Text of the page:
Height: 4 feet at shoulder
Length: 9 feet *Sabre teeth 8.5 - 10 inches
Weight: 400-600 pounds
- Male: Pelt varies between sandy to rusty brown with a lighter underbelly. Often the pelt is decorated with darker brown spots, rosettes or stripes. Mane varies from brown to black.
- Female and juvenile (both sexes): Same as male, although lacking the mane.
Preferred Habitat: Open, grassy plains.
Diet: Meat. Smilodon is a hunter of large mammalian prey.
Social Structure: Similarly to lions, Smilodon live in prides. One or two males, sometimes even up to four (usually brothers) dominate over several females and their cubs. The males guard their territory from rival males (males which are without prides are known as rogues) by roaring and patrolling their territory; scent-marking trees, bushes and rocks by spraying urine. Females (usually sisters, offspring and kin) tend to remain in the pride all their lives. Males born into a pride are usually driven away by the dominant male when they reach adulthood, so they can leave and claim their own prides elsewhere. Doing so prevents competition and inbreeding within a pride.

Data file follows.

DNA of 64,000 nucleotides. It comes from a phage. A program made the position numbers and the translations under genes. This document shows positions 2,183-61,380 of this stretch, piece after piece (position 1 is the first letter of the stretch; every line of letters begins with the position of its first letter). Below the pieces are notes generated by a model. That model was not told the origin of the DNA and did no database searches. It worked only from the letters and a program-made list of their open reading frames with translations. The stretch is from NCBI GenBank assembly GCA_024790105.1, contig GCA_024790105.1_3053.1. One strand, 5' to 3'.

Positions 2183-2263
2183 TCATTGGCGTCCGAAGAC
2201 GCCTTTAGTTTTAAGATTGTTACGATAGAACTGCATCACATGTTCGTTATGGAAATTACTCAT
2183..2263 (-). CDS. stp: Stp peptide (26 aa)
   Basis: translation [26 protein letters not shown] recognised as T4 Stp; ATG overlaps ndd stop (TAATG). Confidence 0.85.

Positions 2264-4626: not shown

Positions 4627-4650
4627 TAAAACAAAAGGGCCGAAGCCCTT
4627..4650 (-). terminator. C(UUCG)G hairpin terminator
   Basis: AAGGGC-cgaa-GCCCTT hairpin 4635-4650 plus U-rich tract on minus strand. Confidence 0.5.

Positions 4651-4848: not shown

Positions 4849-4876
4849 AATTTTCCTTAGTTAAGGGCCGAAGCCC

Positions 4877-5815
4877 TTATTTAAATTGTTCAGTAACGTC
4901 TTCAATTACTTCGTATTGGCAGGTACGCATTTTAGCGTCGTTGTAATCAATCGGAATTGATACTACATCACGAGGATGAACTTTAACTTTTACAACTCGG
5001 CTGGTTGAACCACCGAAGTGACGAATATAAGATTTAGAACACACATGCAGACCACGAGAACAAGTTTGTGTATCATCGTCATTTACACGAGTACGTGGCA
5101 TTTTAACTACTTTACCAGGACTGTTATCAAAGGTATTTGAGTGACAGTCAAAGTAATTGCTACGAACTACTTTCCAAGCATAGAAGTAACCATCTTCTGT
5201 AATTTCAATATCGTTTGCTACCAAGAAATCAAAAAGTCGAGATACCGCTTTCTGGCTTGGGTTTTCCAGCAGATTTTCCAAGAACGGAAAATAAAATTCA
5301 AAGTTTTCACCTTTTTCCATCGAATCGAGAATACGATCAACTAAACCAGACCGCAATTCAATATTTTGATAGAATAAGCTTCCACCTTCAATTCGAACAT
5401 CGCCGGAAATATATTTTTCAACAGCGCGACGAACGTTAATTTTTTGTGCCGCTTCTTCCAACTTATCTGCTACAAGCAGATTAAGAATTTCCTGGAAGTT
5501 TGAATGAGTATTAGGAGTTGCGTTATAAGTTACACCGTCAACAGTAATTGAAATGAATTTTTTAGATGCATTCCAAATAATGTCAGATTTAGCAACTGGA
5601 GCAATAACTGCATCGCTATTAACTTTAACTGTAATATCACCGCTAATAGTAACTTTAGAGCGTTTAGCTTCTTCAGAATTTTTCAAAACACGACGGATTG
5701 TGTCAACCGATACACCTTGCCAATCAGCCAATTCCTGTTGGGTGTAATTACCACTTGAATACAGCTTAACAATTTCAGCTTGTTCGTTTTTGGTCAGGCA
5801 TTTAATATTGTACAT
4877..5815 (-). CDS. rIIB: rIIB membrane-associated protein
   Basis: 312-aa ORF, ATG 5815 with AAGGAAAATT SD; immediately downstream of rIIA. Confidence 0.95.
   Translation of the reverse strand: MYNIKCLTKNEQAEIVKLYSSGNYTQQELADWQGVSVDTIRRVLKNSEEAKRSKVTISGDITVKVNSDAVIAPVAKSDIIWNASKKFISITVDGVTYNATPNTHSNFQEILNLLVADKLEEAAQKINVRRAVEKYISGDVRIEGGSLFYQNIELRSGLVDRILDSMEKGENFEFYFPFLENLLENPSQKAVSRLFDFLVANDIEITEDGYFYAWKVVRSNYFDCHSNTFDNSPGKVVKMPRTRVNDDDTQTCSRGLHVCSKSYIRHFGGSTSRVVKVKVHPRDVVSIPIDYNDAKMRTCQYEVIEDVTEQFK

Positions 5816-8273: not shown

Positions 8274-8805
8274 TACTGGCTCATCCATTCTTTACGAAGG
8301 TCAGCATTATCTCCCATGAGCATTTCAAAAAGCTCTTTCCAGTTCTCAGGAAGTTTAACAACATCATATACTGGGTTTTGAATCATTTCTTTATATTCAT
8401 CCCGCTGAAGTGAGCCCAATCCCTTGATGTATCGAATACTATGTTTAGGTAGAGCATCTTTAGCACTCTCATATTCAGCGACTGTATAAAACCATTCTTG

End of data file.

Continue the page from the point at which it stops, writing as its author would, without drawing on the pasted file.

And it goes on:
Smilodon is a large cat with immensely powerful arms and shoulders; a relatively short back and a short, stubby tail. Males are larger and more muscular than the females and also have a mane around the neck and shoulder region, as well as a "ruff" of longer hairs around the cheeks which adds protection during fights with other male Smilodon over territory.
Smilodon is most famous for its sabre-like canine teeth, which gives it its alternative name of sabre-toothed cat. These teeth can reach 21cm (8.5 in), (10 inches in some larger individuals) and are actually rather fragile and could snap easily when they come into contact with bone.
As with lions, it is the female Smilodon who do the hunting together while the males defend the territory. Also like lions, when a new male takes over a pride, he will not waste time guarding the previous male’s cubs - he will kill them and in doing so will cause the females to come back into estrus.
Smilodon pulls its prey to the ground with its powerful front limbs, and then when the prey is firmly pinned, the teeth will come into play; sinking into the prey’s throat and ripping it out. When feeding, Smilodon avoids bone and eats carefully, choosing the softest areas of the carcass to feed from, such as the stomach region. This means that when the Smilodon pride leave the carcass, there is still plenty of meat left for scavengers.